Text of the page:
For three seasons now, Thomas Middleditch has played Richard Hendricks, the anxiety-filled leader of the Pied Piper startup in the HBO comedy hit “Silicon Valley.”
Middleditch plays the part so well that he doesn’t fault people who meet him and think he’s just like Richard in real life.
“I have people come up to me and I like it when they get surprised: ‘You’re not like Richard at all.’ I take that as a compliment,” the actor told Business Insider over the phone recently.
It doesn’t take long to realise Middleditch is in fact not like Richard. In conversation, he’s full of energy and engaged. A far cry from his alter ego, who often stumbles over every joke or point he tries to make.
That anxiety only builds for Richard in season three as Pied Pier has moved up in the world. It’s now found an investor, but Richard has been ousted as CEO.
One thing Middleditch is very happy with this season is Richard’s ramped-up comedy, so the character isn’t solely portrayed as the show’s straight man.
“I like that they gave me some physical bits,” he said. “One of the things that you saw in the teaser, me slamming my face in the desk, I like that kind of stuff.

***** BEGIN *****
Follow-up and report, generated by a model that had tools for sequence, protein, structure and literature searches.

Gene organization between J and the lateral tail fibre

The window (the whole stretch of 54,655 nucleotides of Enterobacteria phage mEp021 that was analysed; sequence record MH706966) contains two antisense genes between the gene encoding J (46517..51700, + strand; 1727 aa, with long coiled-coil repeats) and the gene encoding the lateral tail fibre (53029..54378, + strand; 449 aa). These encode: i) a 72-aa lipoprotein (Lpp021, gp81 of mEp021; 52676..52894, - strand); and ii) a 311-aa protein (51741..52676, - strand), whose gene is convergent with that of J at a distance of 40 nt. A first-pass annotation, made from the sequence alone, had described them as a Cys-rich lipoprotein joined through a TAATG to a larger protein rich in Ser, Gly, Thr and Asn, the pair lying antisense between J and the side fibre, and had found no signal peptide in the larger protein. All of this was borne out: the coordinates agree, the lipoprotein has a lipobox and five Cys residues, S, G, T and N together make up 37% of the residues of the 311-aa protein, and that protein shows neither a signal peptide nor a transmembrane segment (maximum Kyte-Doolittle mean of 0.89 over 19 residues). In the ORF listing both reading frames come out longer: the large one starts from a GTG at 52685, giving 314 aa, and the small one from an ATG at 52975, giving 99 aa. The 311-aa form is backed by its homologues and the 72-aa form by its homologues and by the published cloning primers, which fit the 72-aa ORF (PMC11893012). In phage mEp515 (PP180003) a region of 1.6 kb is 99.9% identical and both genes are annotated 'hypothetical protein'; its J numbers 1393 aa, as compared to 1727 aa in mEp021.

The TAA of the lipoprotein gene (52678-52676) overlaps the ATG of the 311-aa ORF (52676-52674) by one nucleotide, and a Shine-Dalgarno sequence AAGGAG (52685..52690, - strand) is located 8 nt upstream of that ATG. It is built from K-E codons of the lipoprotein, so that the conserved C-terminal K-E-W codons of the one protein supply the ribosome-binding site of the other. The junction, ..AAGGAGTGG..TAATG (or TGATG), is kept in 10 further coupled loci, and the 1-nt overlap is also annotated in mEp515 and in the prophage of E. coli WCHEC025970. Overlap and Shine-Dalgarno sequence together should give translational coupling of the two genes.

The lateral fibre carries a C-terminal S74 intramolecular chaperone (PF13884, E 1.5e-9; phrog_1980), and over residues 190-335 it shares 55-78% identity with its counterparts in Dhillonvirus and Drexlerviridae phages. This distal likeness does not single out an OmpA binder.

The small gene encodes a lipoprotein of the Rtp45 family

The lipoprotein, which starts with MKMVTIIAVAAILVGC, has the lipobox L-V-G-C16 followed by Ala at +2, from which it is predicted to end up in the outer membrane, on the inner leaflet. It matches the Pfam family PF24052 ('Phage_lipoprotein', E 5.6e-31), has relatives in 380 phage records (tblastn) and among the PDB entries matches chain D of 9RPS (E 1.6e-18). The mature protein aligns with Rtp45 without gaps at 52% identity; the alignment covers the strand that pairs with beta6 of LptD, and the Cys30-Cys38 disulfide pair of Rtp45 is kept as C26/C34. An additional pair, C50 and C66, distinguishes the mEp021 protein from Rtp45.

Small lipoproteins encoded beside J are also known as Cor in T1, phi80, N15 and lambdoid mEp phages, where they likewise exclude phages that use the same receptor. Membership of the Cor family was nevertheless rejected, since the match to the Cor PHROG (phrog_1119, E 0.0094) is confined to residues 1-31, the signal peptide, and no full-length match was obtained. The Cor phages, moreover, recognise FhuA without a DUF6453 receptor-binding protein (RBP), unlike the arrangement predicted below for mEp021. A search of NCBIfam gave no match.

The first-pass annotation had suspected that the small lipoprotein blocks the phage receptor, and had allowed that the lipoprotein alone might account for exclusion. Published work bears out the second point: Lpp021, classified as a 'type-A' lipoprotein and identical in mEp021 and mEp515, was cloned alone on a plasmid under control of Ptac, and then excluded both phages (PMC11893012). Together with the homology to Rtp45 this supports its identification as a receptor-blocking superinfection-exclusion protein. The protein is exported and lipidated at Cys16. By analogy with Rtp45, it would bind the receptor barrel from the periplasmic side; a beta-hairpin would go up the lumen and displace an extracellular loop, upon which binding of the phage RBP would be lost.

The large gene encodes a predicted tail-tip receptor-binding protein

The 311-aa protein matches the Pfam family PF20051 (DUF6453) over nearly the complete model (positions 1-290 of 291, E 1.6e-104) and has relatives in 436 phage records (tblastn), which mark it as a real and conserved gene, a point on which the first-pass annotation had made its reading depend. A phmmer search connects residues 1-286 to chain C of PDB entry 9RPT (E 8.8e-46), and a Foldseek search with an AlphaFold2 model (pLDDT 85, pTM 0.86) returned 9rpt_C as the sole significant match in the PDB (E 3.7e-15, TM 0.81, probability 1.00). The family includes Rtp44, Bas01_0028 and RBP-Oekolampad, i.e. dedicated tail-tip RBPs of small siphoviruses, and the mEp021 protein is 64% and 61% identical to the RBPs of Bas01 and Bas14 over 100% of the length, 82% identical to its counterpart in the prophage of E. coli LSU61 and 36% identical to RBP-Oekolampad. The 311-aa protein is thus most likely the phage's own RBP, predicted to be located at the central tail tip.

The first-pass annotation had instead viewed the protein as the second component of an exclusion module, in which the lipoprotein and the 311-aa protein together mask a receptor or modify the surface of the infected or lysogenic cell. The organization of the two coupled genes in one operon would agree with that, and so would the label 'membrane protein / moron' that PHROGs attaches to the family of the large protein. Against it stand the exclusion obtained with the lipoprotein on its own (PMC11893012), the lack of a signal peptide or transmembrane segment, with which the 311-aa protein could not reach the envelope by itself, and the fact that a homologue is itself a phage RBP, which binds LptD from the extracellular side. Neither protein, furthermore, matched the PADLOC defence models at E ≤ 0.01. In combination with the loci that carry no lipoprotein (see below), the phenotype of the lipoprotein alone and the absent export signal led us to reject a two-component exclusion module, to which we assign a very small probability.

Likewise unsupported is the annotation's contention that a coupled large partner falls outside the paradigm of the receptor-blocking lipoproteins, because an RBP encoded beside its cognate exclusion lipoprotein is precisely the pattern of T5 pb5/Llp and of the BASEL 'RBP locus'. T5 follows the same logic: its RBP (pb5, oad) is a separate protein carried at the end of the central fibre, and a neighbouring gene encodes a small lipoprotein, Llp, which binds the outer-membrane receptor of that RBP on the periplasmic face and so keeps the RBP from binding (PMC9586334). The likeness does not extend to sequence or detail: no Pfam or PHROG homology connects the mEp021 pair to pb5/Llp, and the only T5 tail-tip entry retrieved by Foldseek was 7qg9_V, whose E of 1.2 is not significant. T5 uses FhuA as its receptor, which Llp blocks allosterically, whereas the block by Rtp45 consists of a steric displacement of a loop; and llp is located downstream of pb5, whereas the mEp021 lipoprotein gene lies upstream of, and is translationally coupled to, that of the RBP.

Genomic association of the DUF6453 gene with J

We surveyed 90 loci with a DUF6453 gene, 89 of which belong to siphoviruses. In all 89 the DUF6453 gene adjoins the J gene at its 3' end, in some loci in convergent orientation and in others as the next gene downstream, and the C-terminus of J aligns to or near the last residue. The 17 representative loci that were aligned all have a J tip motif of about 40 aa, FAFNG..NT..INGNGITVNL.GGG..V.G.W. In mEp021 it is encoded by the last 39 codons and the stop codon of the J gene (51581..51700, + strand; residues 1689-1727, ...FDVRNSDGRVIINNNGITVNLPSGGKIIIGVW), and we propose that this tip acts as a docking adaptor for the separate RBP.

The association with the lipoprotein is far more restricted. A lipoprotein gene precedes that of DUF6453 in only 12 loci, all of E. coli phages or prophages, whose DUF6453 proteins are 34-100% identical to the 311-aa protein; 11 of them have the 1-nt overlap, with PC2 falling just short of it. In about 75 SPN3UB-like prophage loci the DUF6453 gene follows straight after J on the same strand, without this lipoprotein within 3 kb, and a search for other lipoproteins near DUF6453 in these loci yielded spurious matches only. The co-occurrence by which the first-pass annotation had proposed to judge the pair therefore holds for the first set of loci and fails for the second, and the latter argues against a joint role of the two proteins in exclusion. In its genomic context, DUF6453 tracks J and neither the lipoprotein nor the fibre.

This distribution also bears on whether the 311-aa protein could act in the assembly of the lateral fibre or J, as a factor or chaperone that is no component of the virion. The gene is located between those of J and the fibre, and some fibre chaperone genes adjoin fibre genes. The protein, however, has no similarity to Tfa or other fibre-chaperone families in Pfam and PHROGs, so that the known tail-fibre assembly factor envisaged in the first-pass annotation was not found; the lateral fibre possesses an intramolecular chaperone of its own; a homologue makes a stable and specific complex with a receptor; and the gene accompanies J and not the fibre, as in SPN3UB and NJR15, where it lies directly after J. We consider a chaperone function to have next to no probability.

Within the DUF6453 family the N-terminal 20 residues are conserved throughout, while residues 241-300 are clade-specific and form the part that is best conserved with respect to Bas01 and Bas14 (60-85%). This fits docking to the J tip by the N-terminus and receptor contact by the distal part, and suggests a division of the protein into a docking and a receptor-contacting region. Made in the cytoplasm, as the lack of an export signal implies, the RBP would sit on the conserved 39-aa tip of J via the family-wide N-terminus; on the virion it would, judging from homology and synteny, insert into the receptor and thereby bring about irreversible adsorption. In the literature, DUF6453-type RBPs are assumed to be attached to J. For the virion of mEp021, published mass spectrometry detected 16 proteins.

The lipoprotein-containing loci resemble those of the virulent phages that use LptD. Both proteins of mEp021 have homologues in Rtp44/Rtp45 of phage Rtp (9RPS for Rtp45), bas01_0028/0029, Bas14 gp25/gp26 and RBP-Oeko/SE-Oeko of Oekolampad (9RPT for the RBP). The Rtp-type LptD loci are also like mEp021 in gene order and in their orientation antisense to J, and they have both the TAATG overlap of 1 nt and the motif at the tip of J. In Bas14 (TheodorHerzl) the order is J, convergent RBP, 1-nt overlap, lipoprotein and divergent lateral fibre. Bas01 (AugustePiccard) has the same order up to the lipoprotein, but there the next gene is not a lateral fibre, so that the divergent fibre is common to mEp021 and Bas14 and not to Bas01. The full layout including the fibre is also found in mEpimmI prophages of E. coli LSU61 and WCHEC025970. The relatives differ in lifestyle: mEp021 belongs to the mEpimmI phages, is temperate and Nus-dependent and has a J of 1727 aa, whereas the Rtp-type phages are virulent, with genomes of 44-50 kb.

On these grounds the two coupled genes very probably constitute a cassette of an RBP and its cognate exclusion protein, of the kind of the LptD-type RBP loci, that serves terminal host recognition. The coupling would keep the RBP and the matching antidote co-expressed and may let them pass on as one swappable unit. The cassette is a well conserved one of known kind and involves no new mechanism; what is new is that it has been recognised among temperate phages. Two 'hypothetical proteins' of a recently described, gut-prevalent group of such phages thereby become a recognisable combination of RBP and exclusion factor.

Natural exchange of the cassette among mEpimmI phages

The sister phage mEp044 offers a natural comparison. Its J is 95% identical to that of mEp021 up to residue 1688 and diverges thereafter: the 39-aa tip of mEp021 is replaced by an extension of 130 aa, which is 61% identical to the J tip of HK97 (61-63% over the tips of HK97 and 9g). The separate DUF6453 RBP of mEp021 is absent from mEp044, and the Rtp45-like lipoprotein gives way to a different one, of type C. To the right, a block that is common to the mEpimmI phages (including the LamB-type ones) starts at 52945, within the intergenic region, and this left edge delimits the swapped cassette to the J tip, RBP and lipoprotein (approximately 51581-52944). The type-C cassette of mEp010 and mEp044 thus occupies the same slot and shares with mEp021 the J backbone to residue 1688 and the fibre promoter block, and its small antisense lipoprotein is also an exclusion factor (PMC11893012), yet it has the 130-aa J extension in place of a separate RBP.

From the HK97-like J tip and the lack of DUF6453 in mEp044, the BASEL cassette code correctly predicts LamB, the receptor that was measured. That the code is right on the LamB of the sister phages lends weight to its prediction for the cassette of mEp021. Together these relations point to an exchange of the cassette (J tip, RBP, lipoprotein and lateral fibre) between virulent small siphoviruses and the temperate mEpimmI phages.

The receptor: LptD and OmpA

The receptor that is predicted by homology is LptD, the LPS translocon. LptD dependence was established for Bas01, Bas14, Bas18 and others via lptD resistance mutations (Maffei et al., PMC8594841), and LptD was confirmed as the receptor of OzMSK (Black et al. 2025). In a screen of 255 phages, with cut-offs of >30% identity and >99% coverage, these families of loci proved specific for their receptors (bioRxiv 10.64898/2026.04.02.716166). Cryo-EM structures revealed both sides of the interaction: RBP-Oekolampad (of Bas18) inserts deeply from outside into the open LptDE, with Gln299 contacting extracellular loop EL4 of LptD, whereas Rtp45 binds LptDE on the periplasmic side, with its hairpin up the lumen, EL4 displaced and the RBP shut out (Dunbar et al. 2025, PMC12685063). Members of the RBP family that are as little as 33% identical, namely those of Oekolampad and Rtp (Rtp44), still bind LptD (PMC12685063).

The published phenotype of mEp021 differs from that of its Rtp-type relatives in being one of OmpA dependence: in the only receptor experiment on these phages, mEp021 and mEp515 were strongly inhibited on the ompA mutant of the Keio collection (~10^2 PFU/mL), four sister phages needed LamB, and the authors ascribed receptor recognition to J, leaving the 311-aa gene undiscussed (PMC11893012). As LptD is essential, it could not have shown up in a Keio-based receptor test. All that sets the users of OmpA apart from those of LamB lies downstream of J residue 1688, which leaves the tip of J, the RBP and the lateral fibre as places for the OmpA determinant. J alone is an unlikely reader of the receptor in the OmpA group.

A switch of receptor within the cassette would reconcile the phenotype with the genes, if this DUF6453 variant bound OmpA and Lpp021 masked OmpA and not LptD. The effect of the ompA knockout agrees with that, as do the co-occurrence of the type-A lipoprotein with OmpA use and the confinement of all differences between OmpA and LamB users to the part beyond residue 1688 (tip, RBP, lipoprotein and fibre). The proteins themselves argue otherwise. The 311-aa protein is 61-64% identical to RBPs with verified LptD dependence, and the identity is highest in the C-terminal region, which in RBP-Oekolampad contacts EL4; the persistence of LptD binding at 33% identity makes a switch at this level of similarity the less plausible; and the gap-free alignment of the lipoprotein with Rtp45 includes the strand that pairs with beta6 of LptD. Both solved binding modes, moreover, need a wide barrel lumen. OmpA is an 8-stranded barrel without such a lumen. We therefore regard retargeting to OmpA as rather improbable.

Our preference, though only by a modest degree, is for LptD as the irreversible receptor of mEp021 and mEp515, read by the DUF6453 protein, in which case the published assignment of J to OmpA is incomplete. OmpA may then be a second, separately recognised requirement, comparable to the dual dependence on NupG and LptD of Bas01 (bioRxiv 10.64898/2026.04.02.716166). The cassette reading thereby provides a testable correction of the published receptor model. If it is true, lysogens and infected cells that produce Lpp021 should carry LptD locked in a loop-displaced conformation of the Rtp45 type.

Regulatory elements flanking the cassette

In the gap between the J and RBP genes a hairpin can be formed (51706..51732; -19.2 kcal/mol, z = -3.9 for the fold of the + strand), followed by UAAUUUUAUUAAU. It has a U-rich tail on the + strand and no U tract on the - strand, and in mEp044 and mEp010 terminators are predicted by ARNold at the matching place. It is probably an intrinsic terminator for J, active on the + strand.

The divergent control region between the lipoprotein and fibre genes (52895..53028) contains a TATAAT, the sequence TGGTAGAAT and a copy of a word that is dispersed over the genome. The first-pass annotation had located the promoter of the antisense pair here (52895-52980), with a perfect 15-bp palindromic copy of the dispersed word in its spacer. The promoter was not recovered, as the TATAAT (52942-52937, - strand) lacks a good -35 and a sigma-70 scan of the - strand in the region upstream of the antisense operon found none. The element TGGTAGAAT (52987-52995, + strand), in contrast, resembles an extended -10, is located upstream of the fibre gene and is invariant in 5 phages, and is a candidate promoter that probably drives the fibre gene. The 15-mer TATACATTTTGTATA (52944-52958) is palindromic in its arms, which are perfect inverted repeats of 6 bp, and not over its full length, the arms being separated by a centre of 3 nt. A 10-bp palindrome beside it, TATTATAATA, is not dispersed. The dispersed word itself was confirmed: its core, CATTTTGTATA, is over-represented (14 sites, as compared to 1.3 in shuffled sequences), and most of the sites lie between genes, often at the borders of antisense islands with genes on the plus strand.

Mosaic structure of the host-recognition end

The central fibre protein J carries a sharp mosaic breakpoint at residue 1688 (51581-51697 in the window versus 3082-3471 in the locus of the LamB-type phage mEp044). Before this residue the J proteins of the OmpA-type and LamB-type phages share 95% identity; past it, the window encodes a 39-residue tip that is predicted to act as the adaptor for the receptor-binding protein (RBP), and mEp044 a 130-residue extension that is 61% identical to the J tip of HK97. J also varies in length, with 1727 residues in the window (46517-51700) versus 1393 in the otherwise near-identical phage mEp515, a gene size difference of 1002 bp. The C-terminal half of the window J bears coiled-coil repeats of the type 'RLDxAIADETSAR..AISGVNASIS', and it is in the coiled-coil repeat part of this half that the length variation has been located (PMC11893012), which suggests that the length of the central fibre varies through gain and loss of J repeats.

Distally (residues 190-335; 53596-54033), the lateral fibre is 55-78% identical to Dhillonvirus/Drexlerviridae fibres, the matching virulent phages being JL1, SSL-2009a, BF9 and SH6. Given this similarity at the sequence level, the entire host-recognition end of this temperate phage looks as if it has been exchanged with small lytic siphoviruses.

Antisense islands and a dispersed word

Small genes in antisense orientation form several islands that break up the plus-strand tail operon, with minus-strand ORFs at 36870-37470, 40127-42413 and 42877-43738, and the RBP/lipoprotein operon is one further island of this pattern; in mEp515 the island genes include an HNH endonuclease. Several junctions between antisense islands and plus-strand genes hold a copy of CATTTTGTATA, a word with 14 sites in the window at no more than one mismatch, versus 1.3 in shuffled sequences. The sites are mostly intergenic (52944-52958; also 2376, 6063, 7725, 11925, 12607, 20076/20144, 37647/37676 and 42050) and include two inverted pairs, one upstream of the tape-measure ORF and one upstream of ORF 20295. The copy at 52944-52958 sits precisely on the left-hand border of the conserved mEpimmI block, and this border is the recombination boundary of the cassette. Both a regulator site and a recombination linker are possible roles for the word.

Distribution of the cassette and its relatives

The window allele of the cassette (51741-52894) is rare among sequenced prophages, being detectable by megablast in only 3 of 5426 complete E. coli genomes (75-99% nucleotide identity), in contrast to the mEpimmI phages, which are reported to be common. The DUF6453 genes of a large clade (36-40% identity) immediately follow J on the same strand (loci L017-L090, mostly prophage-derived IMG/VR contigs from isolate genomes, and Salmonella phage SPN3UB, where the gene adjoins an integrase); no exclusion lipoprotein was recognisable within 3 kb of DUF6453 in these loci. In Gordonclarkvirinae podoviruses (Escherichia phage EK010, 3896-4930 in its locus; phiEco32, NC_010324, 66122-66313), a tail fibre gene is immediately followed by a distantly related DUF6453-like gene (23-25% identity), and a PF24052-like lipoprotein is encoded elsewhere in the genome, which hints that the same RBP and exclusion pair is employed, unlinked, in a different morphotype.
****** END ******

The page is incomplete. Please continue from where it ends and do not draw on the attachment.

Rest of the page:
“A lot of comedies, I think, make the wrong choice of having the straight man being this bland emotional conduit for the audience,” Middleditch continued. “Everyone else has the wacky lines and he just sort of sits there. I want to make sure he has fun stuff to do.”
Middleditch loves the comfort of being on a TV series that has a strong fan base and isn’t looking to end any time soon. But looking forward, he hopes to show other types of characters he can play in roles he’s taking during the time between seasons.
He stars in indie dramedies “The Bronze” (in theatres) and “Joshy” (out later this year), and an outlandish comedy he shot with his “Silicon Valley” cast mate T.J. Miller, “Search Party,” opens next month.
“At the end of the day I want to play characters that interest me,” he said. “That said, I’m not in the market for any computer hacker characters in a film — I wouldn’t mind venturing into more dramatic stuff — but I also kind of want to remind people that comedy is what I love doing, comedy is what I’ve been doing for years and years and I’ll never stop doing comedy.”
And he wants more people to realise he’s not Richard Hendricks.
“I would like to think that goes away a few minutes after meeting me,” he said.
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